11/19/2014 | 1 MINUTE READ

Fuel-Cell Challenge: More Hydrogen Refueling Facilities

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Carmakers are poised to test consumer interest in fuel-cell-powered cars, beginning with the debut of Toyota Motor Corp.'s Mirai sedan next month.

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Carmakers are poised to test consumer interest in fuel-cell-powered cars, beginning with the debut of Toyota Motor Corp.'s Mirai sedan next month.

Huge government subsidies will help soften the initial high cost of the technology. But analysts say the ability to create a market for fuel-cell vehicles will depend mainly on the emergence of a hydrogen refueling infrastructure.

As of last March, there were only 186 functioning hydrogen refueling stations on the planet and only about 70 that are accessible to the public, according to h2stations.org, a Web portal operated by Munich-based global consulting firm TUV SUD Group.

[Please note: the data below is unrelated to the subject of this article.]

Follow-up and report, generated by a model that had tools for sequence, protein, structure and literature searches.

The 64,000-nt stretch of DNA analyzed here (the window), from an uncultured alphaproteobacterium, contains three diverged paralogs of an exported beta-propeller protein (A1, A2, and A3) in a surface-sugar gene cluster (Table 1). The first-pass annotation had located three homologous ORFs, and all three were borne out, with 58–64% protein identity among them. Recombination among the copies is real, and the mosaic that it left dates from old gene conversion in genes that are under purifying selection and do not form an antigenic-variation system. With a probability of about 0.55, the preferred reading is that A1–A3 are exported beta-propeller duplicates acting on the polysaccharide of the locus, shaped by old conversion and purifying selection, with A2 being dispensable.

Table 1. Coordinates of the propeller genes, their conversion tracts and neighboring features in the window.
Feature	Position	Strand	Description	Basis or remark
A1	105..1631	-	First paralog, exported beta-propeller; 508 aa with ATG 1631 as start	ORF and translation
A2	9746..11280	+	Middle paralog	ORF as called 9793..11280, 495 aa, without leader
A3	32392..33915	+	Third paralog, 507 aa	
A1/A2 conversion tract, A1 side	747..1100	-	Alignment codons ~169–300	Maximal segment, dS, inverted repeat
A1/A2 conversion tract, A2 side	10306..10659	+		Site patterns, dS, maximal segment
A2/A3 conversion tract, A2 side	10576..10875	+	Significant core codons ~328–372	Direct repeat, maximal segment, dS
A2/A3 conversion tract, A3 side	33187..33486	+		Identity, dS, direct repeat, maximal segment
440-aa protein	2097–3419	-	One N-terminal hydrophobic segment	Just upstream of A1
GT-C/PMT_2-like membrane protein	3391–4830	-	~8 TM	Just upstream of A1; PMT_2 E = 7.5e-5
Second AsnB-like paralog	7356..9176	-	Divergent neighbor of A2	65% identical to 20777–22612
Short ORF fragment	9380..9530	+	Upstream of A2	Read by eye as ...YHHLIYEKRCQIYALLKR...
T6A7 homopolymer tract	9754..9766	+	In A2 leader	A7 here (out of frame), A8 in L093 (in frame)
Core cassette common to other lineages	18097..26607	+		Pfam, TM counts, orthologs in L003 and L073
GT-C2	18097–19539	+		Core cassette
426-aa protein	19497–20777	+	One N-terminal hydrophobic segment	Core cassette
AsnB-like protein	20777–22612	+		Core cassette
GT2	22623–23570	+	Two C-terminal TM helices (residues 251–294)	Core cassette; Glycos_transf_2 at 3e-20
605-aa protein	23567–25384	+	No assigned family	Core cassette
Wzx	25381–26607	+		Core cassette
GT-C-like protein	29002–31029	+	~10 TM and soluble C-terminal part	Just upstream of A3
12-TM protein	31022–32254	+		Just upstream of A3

The firm says all but 70 of the stations are field testing facilities. It lists a total of 72 stations in Europe, 67 in North America, 46 in Asia and one in South America.

But the Financial Times notes that nearly 560 new public-access stations are expected within the next 10 years. The London-based newspaper says Japan will add 100 such facilities by the end of 2015, The U.S. will open 57 on the west coast over the next few years, and Germany intends to build 385 by 2023.

The British government said last month it will fund seven new hydrogen stations in the U.K. and convert eight existing private facilities to public access.

Fuel-cell cars have about the same range as gasoline-fueled vehicles, so developers estimate a network of hydrogen stations about 230 miles apart would be required to permit easy regional travel. The FT says Denmark, which expects to have six hydrogen stations operating by the end of 2014, will be the first country to meet that criterion for nationwide coverage.